Another Mr. Muthukumaraswamy, a retired school teacher from Koodankulam, is also resisting the government's usurpation of his land by filing a suit in the Tirunelveli district courts. Besides problematizing the inadequate monetary compensation paid by the government for the lands, Mr. Muthukumaraswami also cites the GOs that farming land and burial grounds should not be taken for this kind of large industrial initiatives.

There is also a dormant group called 'Nuclear Power Opposition Group' in Koodankulam but the major activity is just publishing some occasional handbills. The tea-stall discussions and village square debates often do not amount to much.

If Koodankulam is this indecisive, the surrounding villages and towns are not doing any better. There is a plethora of social service organizations in neighboring villages such as Thisayanvilai, Meignanapuram, Nanguneri, and other places in Kanyakumari, Tirunelveli, Thoothukudi and Madurai districts.

In Kanyakumari district, for instance, the Social Action Movement (SAM), an umbrella organization for quite a few social work agencies, carries out some awareness raising campaigns on the Koodankulam issue. Just like Mr. D. Mathias of SAM, Rev. Y. David of the Samathuva Samuthaya Iyakkam (SSI), loosely translated as Social Equality Movement, has also been educating the public about the dangers of nuclear power projects since 1988. Quite a few organizations that concentrate on an assortment of social issues also discuss the Koodankulam project. The Palmyrah Workers' Development Society (PWDS) of Dr. Samuel Amirtham, the Peace Association for Social Action (PASA) of Dr. Gnana Robinson and other such organizations take interest in the nuclear power project issue.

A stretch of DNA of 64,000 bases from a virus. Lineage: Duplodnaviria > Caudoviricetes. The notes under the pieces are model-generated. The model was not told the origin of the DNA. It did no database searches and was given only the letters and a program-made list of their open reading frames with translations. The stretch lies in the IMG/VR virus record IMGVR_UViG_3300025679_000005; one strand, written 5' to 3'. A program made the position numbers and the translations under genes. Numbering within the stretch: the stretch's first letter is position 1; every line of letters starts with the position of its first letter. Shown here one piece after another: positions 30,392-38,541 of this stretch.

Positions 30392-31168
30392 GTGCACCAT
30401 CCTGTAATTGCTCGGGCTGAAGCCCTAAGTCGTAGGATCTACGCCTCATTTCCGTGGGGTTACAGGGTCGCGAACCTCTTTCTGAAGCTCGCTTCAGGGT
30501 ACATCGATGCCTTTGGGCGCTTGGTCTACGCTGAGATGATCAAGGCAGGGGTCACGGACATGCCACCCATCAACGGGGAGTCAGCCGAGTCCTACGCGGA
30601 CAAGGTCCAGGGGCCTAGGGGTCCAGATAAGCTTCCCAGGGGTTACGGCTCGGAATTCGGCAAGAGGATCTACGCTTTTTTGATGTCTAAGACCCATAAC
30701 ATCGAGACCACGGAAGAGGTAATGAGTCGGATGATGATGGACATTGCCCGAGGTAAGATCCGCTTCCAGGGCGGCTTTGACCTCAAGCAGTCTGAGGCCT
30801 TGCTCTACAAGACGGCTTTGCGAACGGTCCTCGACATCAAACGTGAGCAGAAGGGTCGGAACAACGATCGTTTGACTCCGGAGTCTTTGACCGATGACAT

An important actor in the anti-Koodankulam mobilization is the National Alliance of Peoples' Movements (NAPM), that works in close association with many farmers' unions, fishworkers' groups, and the local chapters of the National Fishworkers Forum (NFF), and the Tamil Nadu Fishworkers Union (TNFU). The NAPM conducts periodic seminars and occasional workshops on various issues including the nuclear project. Recently the NAPM organized workshops in Madurai, Tirunelveli and Nagercoil on the safety aspects of the VVER light-water reactors that are going to be installed in Koodankulam.

Although fears of radioactive contamination figure prominently in many of these groups' campaigns and pamphlets, environmental dangers, health risks, nuclear waste disposal issues are also often raised. The impending diversion of Pechipparai dam water for the Koodankulam nuclear power project is also causing grave concern among the farmers of Kanyakumari district and adjacent areas.

Another popular issue that political parties often resort to is providing job opportunities for the people of Koodankulam. On February 9, 1999, the local Tamil Manila Congress MLA, Mr. Appavu, headed a dharna in Koodankulam with the singular demand of giving job opportunities to the people of his constituency that includes Koodankulam and other nearby villages.

One can also encounter handbills and pamphlets put out by many nameless and faceless groups such as 'All College Students' Federation,' and 'Koodankulam Nuclear Reactor Opposition Group' etc. Although the English press publish articles by prominent writers and thinkers such as Buddhi Kota Subbarao, S. Ambirajan, Prema Nandakumar, G. Balamohanan Thampi, Dhirendra Sharma, T. Shivaji Rao, and Iravatham Mahadevan arguing persuasively against the Koodankulam project, the local Tamil newspapers are strangely indifferent.